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About the author: Dominick

Dominick Evans is in his second year of the BFA Motion Pictures program at Wright State University. When not studying, making films, or writing papers, he is working to better his on campus community as the Director of Disability Affairs for WSU Student Government. Dominick spends any remaining time working as a writer/editor, playing video games, singing, as an activist in the disability and GLBT communities, and enjoying life with his family.

15 comments

  1. ky2here
    Twitter: ky2here1
    says:

    I would probably whine and feel sorry for myself. I hope I’d find the strength that others tap to move forward.

    Here’s my tweet: http://twitter.com/#!/ky2here1/status/36475964112371712

    ky2here at msn dot com

  2. Laura DeLuca
    Twitter: gabbylowe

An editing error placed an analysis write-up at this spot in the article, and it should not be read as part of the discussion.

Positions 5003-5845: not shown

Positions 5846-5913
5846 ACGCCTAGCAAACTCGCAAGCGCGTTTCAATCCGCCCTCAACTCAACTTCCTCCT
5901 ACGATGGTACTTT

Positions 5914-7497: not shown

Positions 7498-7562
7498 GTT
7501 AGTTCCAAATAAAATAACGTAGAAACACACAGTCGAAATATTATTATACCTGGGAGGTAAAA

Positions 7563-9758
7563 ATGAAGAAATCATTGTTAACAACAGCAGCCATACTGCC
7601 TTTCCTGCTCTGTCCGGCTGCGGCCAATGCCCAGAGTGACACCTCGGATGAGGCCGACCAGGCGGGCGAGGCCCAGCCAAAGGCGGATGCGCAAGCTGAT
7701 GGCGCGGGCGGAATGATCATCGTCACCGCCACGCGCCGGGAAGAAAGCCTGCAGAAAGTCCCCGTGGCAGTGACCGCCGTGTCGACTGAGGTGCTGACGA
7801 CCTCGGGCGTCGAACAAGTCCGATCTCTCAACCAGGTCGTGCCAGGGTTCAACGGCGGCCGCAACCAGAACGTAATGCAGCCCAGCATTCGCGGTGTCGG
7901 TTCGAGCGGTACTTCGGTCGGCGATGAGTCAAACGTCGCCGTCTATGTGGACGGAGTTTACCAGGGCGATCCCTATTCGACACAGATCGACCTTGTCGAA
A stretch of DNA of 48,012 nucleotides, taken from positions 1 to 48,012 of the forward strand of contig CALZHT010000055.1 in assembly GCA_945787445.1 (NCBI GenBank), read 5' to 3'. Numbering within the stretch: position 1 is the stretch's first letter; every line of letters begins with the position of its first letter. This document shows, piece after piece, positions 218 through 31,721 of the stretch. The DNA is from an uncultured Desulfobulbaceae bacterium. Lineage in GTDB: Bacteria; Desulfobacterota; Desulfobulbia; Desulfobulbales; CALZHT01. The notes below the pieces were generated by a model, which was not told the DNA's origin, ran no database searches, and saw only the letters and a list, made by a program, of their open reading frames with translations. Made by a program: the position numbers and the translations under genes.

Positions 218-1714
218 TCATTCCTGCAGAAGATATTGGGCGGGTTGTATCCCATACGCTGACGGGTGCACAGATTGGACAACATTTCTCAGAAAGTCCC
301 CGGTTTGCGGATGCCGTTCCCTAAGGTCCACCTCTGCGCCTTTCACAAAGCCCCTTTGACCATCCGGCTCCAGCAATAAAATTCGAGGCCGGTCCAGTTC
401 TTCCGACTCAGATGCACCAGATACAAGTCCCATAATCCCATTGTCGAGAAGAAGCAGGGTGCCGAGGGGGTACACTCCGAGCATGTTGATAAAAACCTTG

says:

    i would learn to deal with it and live my life

    FB-Laura DeLuca
    youtube-gabbylowe
    email subscriber

  3. Rachael Ashcraft says:

    Well, I am disabled so I know what I would do already. I used to be a big runner and one day my hip started to hurt. I didn’t have insurance at the time so I couldn’t go to the doctor. I dealt with the pain and tried to ignore it.
    When I was pregnant with my daughter I was in so much pain that I had to use a wheelchair.
    Getting around in a wheelchair is awful. Nothing is wheelchair friendly!
    I am no longer in a wheelchair but I do have to use a cane. Having two small kids and being in constant pain is hard but you manage. You get on with life because what else are you suppose to do??

  4. Shannon Baas says:

    I would try to make the best of it. I have a slight disability so know what it is like.

  5. CORRIE says:

    I would first feel very sorry for myself.. then i would go into a deep depression. and probably pray alot.
    but i would eventaully deal with it.

  6. LOIS PAYTON says:

    Thats kike of what happen to me, I hade Grammia Knife on the brain and it took away the use of my right side. That was the hand I wrote with, I had a great husband and a gtreat Lord and a lot of faith. Ten years later after cancer took my sweetie to I live a lone and have the use of one have and were a leg brace but with Gods help I bake two cake every sunday afternoon for monday morning Bible study. All because of THE GOD LORDS STRONG, GOD BLESS YA’LL